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EMF Studies

23 September 2016

How the U.S. Food and Drug Administration Manipulates the Media

Credit:  Sébastien Thibault
How the FDA Manipulates the Media
by Charles Seife | Scientific American October 2016 Issue

The U.S. Food and Drug Administration has been arm-twisting journalists into relinquishing their reportorial independence, our investigation reveals. Other institutions are following suit
It was a faustian bargain—and it certainly made editors at National Public Radio squirm.

The deal was this: NPR, along with a select group of media outlets, would get a briefing about an upcoming announcement by the U.S. Food and Drug Administration a day before anyone else. But in exchange for the scoop, NPR would have to abandon its reportorial independence. The FDA would dictate whom NPR's reporter could and couldn't interview.

“My editors are uncomfortable with the condition that we cannot seek reaction,” NPR reporter Rob Stein wrote back to the government officials offering the deal. Stein asked for a little bit of leeway to do some independent reporting but was turned down flat. Take the deal or leave it.

NPR took the deal. “I'll be at the briefing,” Stein wrote.

Later that day in April 2014, Stein—along with reporters from more than a dozen other top-tier media organizations, including CBS, NBC, CNN, theWashington Post, the Wall Street Journal and the New York Times—showed up at a federal building to get his reward. Every single journalist present had agreed not to ask any questions of sources not approved by the government until given the go-ahead.

“I think embargoes that attempt to control sourcing are dangerous because they limit the role of the reporter whose job it is to do a full look at a subject,” says New York Times former public editor Margaret Sullivan. “It's really inappropriate for a source to be telling a journalist whom he or she can and can't talk to.” Ivan Oransky, distinguished writer in residence at New York University's Journalism Institute and founder of the Embargo Watch weblog, agrees: “I think it's deeply wrong.”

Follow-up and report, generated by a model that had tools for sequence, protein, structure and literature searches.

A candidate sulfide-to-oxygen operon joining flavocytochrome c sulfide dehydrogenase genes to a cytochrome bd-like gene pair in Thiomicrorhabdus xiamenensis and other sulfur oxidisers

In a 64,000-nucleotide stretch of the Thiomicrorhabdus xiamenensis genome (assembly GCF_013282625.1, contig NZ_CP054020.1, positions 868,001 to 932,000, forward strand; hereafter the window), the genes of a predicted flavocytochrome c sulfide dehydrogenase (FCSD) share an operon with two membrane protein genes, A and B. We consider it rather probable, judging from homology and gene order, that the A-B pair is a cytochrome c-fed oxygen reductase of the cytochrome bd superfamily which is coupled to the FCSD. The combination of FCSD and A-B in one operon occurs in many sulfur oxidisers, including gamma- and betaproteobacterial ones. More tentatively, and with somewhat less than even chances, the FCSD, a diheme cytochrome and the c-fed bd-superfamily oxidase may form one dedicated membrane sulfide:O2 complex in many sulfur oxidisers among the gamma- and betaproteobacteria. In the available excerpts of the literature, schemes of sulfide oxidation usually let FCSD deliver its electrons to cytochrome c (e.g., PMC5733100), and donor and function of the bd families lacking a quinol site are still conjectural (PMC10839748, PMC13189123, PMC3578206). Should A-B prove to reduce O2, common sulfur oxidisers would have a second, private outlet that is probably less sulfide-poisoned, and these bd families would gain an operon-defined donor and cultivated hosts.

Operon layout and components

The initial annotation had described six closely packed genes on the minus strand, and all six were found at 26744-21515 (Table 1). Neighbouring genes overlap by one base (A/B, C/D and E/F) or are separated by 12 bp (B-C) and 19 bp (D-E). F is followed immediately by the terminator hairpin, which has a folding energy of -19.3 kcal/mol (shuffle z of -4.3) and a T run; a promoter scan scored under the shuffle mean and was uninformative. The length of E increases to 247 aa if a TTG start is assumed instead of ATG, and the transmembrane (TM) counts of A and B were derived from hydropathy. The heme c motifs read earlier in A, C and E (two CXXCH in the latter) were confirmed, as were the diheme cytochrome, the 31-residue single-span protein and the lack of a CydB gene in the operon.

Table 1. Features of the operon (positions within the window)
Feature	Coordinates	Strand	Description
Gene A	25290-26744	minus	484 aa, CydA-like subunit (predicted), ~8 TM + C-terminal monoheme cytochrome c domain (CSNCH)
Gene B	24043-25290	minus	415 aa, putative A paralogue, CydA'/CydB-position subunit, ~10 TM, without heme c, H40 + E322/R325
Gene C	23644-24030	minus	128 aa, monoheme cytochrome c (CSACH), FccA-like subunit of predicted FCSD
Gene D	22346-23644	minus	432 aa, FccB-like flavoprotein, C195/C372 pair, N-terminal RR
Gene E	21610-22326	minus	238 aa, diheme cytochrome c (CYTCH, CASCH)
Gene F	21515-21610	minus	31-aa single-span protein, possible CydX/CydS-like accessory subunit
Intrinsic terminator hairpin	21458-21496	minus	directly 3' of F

This kind of deal offered by the FDA—known as a close-hold embargo—is an increasingly important tool used by scientific and government agencies to control the behavior of the science press. Or so it seems. It is impossible to tell for sure because it is happening almost entirely behind the scenes. We only know about the FDA deal because of a wayward sentence inserted by an editor at the New York Times. But for that breach of secrecy, nobody outside the small clique of government officials and trusted reporters would have known that the journalists covering the agency had given up their right to do independent reporting.

Documents obtained by Scientific American through Freedom of Information Act requests now paint a disturbing picture of the tactics that are used to control the science press. For example, the FDA assures the public that it is committed to transparency, but the documents show that, privately, the agency denies many reporters access—including ones from major outlets such as Fox News—and even deceives them with half-truths to handicap them in their pursuit of a story. At the same time, the FDA cultivates a coterie of journalists whom it keeps in line with threats. And the agency has made it a practice to demand total control over whom reporters can and can't talk to until after the news has broken, deaf to protests by journalistic associations and media ethicists and in violation of its own written policies.

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